We signed. All of us did. I still question how this coerced agreement signed under duress was legal and not protested. Why didn't the ACLU jump in to protect workers from the slaughter? But everyone who could have done something about it instead turned deaf, dumb, and blind.
And the result is that what we are now left with is a workplace culture riddled with insecurity and restlessness. When people are afraid of losing their jobs, they strive to be compliant, not creative. Toeing the line has replaced pushing the envelope. And company loyalty went the way of the Thanksgiving turkey -- killed, roasted, and gobbled up while CEOs belched all the way to the bank.
Older workers stay out-of-work the longest.
This has been long-documented, but we can regurgitate it here for the millennial disbelievers.
According to AARP's analysis of Bureau of Labor Statistics, on average, workers age 55 and up remain unemployed for 45.6 weeks, compared with 34.7 weeks for workers younger than 55.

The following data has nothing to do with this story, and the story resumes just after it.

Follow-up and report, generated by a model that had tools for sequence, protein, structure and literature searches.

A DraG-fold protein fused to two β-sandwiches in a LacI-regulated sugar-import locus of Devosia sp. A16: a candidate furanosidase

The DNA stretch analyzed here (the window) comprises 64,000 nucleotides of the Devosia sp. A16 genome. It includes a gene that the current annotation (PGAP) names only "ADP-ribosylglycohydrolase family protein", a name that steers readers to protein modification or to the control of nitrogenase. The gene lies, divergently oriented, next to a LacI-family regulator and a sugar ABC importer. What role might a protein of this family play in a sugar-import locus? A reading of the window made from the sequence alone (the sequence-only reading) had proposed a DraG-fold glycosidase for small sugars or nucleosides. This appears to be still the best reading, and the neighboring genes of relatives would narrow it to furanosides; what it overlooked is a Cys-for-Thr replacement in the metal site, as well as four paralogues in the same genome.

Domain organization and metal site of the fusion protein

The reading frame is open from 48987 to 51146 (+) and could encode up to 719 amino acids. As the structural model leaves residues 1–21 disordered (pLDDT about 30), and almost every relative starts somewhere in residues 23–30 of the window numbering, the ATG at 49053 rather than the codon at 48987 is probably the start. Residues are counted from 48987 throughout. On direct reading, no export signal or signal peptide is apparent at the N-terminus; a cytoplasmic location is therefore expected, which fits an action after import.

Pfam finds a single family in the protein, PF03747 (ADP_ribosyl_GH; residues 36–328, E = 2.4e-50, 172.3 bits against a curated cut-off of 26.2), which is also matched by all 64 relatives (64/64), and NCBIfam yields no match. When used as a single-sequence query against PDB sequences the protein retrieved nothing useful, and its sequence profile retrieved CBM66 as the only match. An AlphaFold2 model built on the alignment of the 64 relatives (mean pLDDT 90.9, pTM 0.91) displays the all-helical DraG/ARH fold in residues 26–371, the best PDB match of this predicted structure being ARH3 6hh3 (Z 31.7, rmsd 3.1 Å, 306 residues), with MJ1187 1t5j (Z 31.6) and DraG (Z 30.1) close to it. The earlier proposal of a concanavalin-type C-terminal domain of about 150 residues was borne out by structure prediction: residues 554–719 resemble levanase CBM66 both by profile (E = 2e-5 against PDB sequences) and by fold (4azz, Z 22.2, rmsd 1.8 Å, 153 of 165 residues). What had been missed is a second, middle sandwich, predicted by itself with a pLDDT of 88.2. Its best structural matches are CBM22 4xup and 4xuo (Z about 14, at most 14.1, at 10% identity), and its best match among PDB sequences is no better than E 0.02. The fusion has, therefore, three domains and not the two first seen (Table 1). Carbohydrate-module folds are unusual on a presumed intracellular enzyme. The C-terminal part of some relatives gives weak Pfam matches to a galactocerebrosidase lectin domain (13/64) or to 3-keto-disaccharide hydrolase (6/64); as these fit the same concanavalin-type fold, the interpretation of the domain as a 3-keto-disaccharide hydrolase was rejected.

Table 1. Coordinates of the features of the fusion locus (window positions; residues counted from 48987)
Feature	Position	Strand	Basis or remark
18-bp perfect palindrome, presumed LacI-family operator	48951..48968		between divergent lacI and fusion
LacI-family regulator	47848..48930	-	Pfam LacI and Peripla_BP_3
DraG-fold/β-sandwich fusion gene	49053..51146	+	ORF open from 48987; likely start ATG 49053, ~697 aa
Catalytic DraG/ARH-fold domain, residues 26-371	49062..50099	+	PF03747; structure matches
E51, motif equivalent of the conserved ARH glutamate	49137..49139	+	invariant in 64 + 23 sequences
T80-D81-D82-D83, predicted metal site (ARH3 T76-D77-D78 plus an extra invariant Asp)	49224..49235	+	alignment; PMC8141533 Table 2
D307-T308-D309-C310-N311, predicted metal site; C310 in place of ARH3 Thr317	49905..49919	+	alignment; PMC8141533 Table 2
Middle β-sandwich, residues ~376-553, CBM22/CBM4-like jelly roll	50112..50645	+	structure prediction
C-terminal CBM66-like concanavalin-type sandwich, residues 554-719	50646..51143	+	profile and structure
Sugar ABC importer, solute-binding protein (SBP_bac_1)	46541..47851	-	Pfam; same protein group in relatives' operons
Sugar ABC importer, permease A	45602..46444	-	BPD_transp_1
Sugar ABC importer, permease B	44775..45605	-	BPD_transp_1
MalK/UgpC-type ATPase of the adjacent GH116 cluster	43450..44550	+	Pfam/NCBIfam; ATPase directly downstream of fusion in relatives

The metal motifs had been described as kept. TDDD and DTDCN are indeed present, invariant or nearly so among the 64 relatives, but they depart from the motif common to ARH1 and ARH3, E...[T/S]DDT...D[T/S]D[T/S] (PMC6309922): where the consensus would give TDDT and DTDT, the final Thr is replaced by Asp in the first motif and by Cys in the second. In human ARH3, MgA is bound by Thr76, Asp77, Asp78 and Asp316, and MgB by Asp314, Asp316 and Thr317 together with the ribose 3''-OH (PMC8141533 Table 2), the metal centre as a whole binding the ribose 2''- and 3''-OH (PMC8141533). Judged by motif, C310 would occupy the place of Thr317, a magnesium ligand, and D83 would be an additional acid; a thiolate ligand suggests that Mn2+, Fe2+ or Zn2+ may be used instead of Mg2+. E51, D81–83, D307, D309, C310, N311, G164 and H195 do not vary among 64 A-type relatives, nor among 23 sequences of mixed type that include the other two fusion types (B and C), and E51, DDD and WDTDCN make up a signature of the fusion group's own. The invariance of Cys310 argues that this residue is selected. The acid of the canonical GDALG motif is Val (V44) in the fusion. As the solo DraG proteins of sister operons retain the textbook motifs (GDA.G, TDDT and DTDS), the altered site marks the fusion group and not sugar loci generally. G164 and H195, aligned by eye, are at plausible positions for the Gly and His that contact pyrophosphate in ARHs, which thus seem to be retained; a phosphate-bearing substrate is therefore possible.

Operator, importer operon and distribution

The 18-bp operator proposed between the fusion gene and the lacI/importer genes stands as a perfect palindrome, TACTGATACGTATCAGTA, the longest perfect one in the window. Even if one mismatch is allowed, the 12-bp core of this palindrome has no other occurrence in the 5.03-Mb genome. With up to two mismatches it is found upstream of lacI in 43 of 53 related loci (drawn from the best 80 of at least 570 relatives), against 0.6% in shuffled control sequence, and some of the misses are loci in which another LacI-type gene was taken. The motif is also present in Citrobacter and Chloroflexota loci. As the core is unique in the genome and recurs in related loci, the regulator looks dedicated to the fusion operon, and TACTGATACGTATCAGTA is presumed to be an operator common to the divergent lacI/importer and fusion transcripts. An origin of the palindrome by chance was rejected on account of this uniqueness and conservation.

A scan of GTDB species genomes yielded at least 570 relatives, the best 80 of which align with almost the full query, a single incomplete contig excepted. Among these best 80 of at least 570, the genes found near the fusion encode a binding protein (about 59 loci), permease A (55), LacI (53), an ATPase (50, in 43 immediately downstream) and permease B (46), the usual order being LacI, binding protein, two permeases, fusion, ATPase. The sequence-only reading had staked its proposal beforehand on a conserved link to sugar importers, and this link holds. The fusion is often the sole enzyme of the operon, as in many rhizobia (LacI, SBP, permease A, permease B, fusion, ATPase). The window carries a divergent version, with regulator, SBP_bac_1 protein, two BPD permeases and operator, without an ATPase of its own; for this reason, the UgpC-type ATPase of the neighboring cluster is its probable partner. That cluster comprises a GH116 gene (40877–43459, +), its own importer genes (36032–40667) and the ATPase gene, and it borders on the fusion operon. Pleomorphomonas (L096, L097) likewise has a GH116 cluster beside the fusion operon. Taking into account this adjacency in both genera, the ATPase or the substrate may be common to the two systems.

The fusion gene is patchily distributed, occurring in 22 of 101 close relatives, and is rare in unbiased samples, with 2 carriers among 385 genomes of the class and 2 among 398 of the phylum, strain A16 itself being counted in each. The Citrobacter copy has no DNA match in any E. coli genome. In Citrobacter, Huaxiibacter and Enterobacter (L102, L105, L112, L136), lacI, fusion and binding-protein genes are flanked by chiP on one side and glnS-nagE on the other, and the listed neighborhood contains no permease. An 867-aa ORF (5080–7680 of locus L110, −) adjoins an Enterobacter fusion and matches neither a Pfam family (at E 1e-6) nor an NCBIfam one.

While we can safely claim that all generations were hurt by the recession, only one group has the least amount of time to mitigate the recession's financial impact -- and that group is older workers. If you lost your job in the mid-2000's, you likely also lost your nest egg. And you can't actually rebuild it unless you find a job, which isn't happening for many. Time is running out.
Age discrimination is real.
Certain stereotypes exist about older workers -- we can't keep up technologically, we will spend all day reminiscing about the good old days, we don't fit in to the current office culture.
These stereotypes are at the root of the discrimination. I'd also throw in the fact that employers want to hire the cheapest workers possible, and that's less experienced folks.